H.B. 1678 would exempt as “trade secrets” any chemicals and ingredients submitted to the DMME — such as those used in fracking — from requests under the Virginia Freedom of Information Act.

In the Senate, three bills sponsored by Sen. Frank W. Wagner focus on renewable energy. One bill would create community solar pilot projects in Dominion Virginia Power and Appalachian Power territories. Another bill sets parameters for small-scale generators at agricultural businesses that use renewable energy to sell any excess electricity. A third bill would allow wind and solar facilities up to 150 megawatts to benefit from an easier permitting process.

Read more about Virginia state legislation on the Front Porch Blog.

West Virginia

Session runs from Feb. 8 through April 8

West Virginia’s Democratic governor and coal-mine owner Jim Justice appointed Austin Caperton, another man with deep ties to the coal industry, secretary of the state’s Department of Environmental Protection.

On Jan. 27, Caperton fired Wendy Radcliff, the department’s environmental advocate. He also fired the department’s communications director.

“This is troublesome news,” Angie Rosser, executive director of the West Virginia Rivers Coalition, told the Charleston Gazette-Mail. “Radcliff has been the direct line for citizen concerns to help make sure the agency is accountable to the public.”

When the state’s legislature convenes, the West Virginia Mineral Owners Coalition intends to lobby for legislation that would support landowners, such as protecting a landowner’s right to deny access to pipeline surveyors and upholding minimum royalty payments for minerals.

Maintaining water quality standards, promoting energy efficiency upgrades in commercial buildings, and advocating for disclosure of campaign financing are among the legislative priorities of the West Virginia Environmental Council.

Environmental Votetracker — Feb/March 2017

Friday, February 10th, 2017 - posted by molly
Appalachian House and Senate votes on the Stream Protection Rule

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Trump’s Would-Be Coal Comeback Faces Long Odds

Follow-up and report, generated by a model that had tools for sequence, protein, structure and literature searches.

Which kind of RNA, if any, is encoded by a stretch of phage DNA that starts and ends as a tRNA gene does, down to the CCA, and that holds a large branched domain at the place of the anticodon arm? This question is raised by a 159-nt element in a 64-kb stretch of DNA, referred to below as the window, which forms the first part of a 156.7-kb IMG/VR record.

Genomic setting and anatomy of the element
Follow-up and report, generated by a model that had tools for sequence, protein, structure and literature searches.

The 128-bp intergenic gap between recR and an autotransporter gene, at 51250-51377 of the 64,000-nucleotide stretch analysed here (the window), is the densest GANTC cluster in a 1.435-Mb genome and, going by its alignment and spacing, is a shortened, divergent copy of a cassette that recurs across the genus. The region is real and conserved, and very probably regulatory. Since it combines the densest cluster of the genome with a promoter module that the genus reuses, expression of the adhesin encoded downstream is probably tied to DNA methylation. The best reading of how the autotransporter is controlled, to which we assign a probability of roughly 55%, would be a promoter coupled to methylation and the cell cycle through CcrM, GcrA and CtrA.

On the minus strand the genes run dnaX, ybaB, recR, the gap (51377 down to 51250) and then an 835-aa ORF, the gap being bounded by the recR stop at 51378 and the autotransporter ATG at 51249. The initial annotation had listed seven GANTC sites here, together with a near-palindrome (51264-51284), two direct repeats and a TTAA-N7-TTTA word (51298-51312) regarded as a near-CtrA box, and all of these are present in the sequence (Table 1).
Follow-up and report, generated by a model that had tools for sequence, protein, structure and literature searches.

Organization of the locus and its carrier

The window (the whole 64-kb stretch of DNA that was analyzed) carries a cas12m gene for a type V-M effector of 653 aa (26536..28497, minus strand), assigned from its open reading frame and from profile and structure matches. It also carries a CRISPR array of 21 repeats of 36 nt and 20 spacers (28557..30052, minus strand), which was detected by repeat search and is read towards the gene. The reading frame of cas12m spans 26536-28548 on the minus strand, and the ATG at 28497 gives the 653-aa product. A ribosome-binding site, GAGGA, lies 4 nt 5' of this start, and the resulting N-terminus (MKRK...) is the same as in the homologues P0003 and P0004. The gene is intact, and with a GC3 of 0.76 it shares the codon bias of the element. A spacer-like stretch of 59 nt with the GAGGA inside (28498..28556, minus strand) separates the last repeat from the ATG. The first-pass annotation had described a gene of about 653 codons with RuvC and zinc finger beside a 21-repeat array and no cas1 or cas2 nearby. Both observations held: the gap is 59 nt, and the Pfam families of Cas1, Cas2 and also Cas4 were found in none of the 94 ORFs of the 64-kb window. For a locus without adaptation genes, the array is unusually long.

Thursday, December 15th, 2016 - posted by molly

By Brian Sewell

Author’s Note, December 19:

In the weeks since this piece was published in the Dec./Jan. issue of The Appalachian Voice, President-elect Trump has chosen climate change deniers, coal and oil executives, and close friends of the fossil fuel industry for top positions in his administration.

For the administrator of the U.S. Environmental Protection Agency, Trump selected Oklahoma Attorney General Scott Pruitt. A frequent foe of the agency’s rulemakings and federal court’s interpretation of the Clean Air Act, Pruitt describes himself as having “led the charge” against the EPA’s “activist agenda.” Trump’s Secretary of Commerce-Designate, Wilbur Ross, is a billionaire investor with strong ties to the Central Appalachian coal industry and a history of disregard for regulations that protect miners, communities and the environment. The president-elect’s choice for Energy Secretary, former Texas Governor Rick Perry, will be tasked with leading an agency with budget of $30 billion that Perry once advocated for eliminating altogether—despite famously blanking on the department’s name during a presidential primary debate in 2011.

Beyond the president-elect’s appointments, his transitions team’s actions on energy and the environment are causing serious concern among environmentalists and the scientific community. In early December, Trump’s transition team sent a questionnaire to officials at the U.S. Department of Energy requesting, among other things, a list of individuals involved in international climate negotiations and the programs associated with President Obama’s Climate Action Plan. Agency officials refused to respond to the controversial questionnaire and Trump’s team has since said it “was not authorized.”